NBA, players fail to agree after marathon talks

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NBA, players fail to agree after marathon talks

Players Association president Derek Fisher used the word "disappointing" to describe the latest proposal from NBA owners after emerging from two days of intense talks.

"At this time it's not enough to really entice us to try to finish things tonight," Fisher said Thursday, in a press conference in New York.

Still, Fisher and union chief Billy Hunter will take the proposal to each team's player representatives to gauge whether the players' association should vote on the proposal, reject it or try to continue to tweak it.

Fisher said that the revised NBA deal doesn't meet on all system issues, but commissioner David Stern indicated it very well could be the NBA's last offer. If the players don't take this deal, Stern said the owners would reset their proposal and it would be worse.

The players earned 57 percent of basketball-related income under the old collective bargaining agreement. They have agreed to come down to 50 percent or very near that figure. But Stern said if the current deal weren't accepted, the owners new offer would call for players to get only 47 percent of BRI.

"Obviously, we would like to keep negotiating and find a way to get a deal done. But right now it's not that time," Fisher said.

Stern followed Fisher and Hunter to the podium and indicated that the revised proposal was the "best attempt" to address the concerns that the players expressed last week. Stern made it clear that the owners were done negotiating.

"We both realize the seriousness of what we're facing," Stern said, adding "... we await the response from the union. We did our best."

According to reports, the league has proposed what is being called a mini mid-level exception worth 2.5 million to be used under certain circumstances. The league will also raise the minimum team salaries from 75 percent of what the salary cap is to 85 percent of the cap.

Stern said the proposal would allow a season to start Dec. 15 if accepted, with a 72- game schedule. That would require moving the playoffs and The Finals back a week, according to Adam Silver, the NBA's deputy commissioner.

Hunter says union hopes to meet with players reps on revised NBA offer in New York on Monday or Tuesday.

According to Hunter, there is no deadline and that the revised offer will remain on table until the union gets back to league.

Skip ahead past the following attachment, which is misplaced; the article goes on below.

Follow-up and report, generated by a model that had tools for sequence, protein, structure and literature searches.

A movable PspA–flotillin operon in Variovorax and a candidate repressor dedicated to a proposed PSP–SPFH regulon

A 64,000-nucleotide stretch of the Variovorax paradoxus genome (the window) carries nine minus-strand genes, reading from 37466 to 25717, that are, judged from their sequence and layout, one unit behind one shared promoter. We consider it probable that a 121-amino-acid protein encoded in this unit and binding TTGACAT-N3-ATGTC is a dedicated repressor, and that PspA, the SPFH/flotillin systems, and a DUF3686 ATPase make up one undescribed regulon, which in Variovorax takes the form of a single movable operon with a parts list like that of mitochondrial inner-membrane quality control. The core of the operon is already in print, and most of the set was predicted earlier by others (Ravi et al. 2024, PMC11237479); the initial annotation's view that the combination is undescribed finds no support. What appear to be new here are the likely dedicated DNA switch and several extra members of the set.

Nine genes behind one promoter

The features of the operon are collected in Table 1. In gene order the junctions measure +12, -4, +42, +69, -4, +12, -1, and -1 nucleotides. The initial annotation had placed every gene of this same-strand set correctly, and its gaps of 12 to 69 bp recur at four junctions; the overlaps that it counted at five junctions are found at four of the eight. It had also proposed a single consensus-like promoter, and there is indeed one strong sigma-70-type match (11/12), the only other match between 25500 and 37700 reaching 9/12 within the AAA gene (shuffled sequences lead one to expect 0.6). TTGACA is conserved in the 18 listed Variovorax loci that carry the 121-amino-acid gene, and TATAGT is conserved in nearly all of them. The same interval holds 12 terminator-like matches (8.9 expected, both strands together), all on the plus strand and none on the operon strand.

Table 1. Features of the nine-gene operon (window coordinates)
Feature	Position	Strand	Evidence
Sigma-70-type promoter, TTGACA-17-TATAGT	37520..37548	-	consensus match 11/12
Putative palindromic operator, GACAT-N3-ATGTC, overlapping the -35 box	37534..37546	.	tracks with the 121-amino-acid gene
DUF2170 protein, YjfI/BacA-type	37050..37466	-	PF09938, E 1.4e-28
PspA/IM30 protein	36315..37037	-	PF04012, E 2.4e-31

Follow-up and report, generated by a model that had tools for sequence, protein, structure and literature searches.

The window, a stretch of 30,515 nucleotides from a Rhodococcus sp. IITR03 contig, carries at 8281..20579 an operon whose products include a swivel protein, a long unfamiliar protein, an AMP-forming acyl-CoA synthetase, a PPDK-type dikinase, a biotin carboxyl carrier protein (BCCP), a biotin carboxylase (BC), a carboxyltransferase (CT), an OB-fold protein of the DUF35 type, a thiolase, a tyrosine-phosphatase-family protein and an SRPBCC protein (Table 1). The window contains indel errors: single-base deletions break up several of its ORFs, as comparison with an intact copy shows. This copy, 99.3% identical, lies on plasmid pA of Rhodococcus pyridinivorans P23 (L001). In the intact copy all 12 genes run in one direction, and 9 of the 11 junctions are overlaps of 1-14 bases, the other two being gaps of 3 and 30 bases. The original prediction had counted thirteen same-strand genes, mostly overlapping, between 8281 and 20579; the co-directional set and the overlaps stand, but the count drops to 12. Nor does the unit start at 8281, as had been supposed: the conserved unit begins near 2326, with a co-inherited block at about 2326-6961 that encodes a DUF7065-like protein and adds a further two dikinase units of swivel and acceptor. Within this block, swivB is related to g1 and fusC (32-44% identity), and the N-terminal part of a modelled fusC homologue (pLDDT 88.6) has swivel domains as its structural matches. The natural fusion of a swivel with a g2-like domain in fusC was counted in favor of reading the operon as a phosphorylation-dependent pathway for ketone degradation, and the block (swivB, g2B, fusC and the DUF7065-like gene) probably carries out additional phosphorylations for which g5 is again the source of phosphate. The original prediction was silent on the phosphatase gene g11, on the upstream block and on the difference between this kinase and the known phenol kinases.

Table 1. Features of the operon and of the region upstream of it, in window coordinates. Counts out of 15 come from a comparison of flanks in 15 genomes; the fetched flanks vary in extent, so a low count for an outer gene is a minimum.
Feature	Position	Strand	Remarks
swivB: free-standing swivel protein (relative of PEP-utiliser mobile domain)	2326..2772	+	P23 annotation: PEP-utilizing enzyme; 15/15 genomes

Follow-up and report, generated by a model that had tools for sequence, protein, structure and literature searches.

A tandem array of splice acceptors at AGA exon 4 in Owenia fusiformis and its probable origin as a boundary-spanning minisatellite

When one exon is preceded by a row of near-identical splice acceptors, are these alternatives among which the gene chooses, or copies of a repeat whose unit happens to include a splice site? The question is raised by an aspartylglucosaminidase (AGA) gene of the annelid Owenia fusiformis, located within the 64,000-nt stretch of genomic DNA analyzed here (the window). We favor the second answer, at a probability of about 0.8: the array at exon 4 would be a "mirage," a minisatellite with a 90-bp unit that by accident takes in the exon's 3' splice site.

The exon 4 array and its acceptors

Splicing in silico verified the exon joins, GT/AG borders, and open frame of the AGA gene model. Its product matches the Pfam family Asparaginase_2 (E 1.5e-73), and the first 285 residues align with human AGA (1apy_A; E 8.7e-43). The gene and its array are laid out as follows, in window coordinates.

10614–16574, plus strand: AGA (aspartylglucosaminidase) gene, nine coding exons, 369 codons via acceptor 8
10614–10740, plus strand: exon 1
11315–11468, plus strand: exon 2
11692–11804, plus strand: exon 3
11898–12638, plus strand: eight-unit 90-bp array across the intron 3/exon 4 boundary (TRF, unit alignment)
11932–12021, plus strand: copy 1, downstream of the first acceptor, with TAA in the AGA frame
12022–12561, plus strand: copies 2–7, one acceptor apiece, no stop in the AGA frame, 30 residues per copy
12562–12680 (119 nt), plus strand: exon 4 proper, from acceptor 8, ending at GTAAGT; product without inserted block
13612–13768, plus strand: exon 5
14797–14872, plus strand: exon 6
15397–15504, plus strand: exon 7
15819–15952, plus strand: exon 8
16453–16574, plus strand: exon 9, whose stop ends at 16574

"It's been a long haul. Were coming to the end of it and trying to get this thing done."

Hunter said that in addition to six or seven primary elements needing to be worked out, the salary cap chief among them, there are 30 to 40 unresolved issues. Those ancillary issures totaled six pages, including items such as the draft age and the commissioner's disciplinary rights.

Whether Brown or Kerr coach, Warriors sticking to same blueprint

Whether Brown or Kerr coach, Warriors sticking to same blueprint

OAKLAND -- For the first time since he joined the coaching staff last summer, Mike Brown on Wednesday morning arrived at the Warriors facility a man in charge.

As acting head coach, he would decide when practice started and when it ended, and conduct proceedings in between.

The general activity was not much different for anyone else, though, as it continues to become evident that everything the Warriors do for the foreseeable future will be a Brown-Kerr, or Kerr-Brown, production.

“Steve is going to be a part of this process the whole time,” Brown said after practice. “Almost before I do anything, I’m going to consult with him. The only time I won’t consult with him is probably during a game.”

Since Kerr’s announcement last Sunday that he was taking an indefinite leave to attend to personal health issues, Brown has been wielding the clipboard. He actually coached Game 3 against Portland last Saturday, in Kerr’s absence, before knowing in advance he’d also coach Game 4 Monday night.